Pregnancy-Related Deaths Among Black People Three Times Higher In 2020


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Pregnancy-related deaths among Americans increased during the first year of the Covid-19 pandemic. For Black pregnant people, a new government report shows the year was three-times more lethal, worsening a decades-long crisis.

The National Center for Health Statistics released a report Wednesday (February 23) indicating that the number of people in the US who died during pregnancy, child birth, or within the first year of the baby's life increased from 20 deaths per 100,000 births in 2019 to 24 deaths per 100,000 births in 2020. Overall, 861 pregnant people died in 2020, according to the report.

In 2020, the death rate among Black people was 55 deaths per 100,000 births –– nearly triple the rate of white people, jumping from 44 deaths per 100,000 births seen in 2019. Hispanic Americans also saw an increase from 13 deaths to 18 deaths per 100,000 births.

The US maternal mortality rate has more than tripled since 1987. In 2002, the overall rate was 16 deaths per 100,000 births.

Though this new report does not indicate specific Covid-19 or pandemic-related factors that may have contributed to the rise in pregnancy-related deaths, the disproportionate crisis has been ongoing for decades among Black Americans.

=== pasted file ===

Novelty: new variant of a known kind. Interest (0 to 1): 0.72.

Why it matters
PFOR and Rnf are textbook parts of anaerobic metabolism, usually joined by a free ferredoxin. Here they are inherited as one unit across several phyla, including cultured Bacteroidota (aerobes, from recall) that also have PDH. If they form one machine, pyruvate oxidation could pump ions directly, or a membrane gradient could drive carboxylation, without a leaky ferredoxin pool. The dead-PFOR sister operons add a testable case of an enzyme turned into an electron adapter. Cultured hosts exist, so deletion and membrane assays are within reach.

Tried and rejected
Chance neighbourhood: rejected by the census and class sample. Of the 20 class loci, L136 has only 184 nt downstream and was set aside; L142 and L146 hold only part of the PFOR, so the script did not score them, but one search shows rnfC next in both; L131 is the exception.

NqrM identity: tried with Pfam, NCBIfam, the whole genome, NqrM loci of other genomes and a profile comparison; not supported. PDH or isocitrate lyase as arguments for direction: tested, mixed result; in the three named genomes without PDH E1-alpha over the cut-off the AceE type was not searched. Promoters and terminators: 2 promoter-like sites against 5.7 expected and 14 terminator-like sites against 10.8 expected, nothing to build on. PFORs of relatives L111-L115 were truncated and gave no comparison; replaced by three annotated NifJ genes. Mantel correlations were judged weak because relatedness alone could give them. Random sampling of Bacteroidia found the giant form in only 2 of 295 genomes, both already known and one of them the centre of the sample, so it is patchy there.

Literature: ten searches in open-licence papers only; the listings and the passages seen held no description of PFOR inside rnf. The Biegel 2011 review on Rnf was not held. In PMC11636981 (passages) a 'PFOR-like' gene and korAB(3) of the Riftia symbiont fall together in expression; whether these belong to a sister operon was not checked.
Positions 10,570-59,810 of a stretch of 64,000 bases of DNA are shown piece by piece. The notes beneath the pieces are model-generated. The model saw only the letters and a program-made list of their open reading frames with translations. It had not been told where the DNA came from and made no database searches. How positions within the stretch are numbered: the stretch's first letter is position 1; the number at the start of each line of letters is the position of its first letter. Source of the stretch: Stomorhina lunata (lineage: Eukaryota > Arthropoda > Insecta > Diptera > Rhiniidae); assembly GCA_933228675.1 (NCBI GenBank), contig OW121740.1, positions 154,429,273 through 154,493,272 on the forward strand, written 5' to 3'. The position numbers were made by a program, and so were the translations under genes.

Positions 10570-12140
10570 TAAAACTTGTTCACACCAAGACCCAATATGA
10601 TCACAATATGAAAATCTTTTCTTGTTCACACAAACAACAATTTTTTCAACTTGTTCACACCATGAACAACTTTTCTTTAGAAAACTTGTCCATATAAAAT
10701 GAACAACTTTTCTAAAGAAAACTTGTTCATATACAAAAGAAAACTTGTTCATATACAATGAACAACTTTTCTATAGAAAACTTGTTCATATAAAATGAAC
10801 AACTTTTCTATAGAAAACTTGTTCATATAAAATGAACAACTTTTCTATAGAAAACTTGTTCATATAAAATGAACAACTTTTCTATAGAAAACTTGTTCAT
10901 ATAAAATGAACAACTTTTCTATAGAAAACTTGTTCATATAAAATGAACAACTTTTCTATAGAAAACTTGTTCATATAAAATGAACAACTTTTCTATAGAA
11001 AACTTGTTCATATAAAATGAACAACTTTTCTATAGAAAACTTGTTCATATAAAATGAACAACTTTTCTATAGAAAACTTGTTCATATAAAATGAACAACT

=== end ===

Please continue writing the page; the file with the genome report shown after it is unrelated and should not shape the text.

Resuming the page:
Racial bias, lack of access to adequate healthcare, even the race of the doctor delivering Black newborns have all been pointed to as contributing factors in maternal mortality in our community. With Covid-19, access to medical care was cut off to some as hospitals and healthcare facilities were overwhelmed.

"The pandemic has uncovered the disparities in access to care, healthcare quality, and delivery," Dr. Janelle Bolden, assistant OB-GYN professor at Northwestern University's Feinberg School of Medicine, told NBC News.

"It has also laid bare the lack of support for public health and social agencies that many people rely on for basic needs," Bolden added. "These disparities and inadequacies lead to poor care and worse outcomes."

Black tech leaders have been working to combat the issue, creating apps to connect Black pregnant people to quality, culturally, competent care. Black doulas and midwives are also doing their part in delivering the next generations safely and with care.

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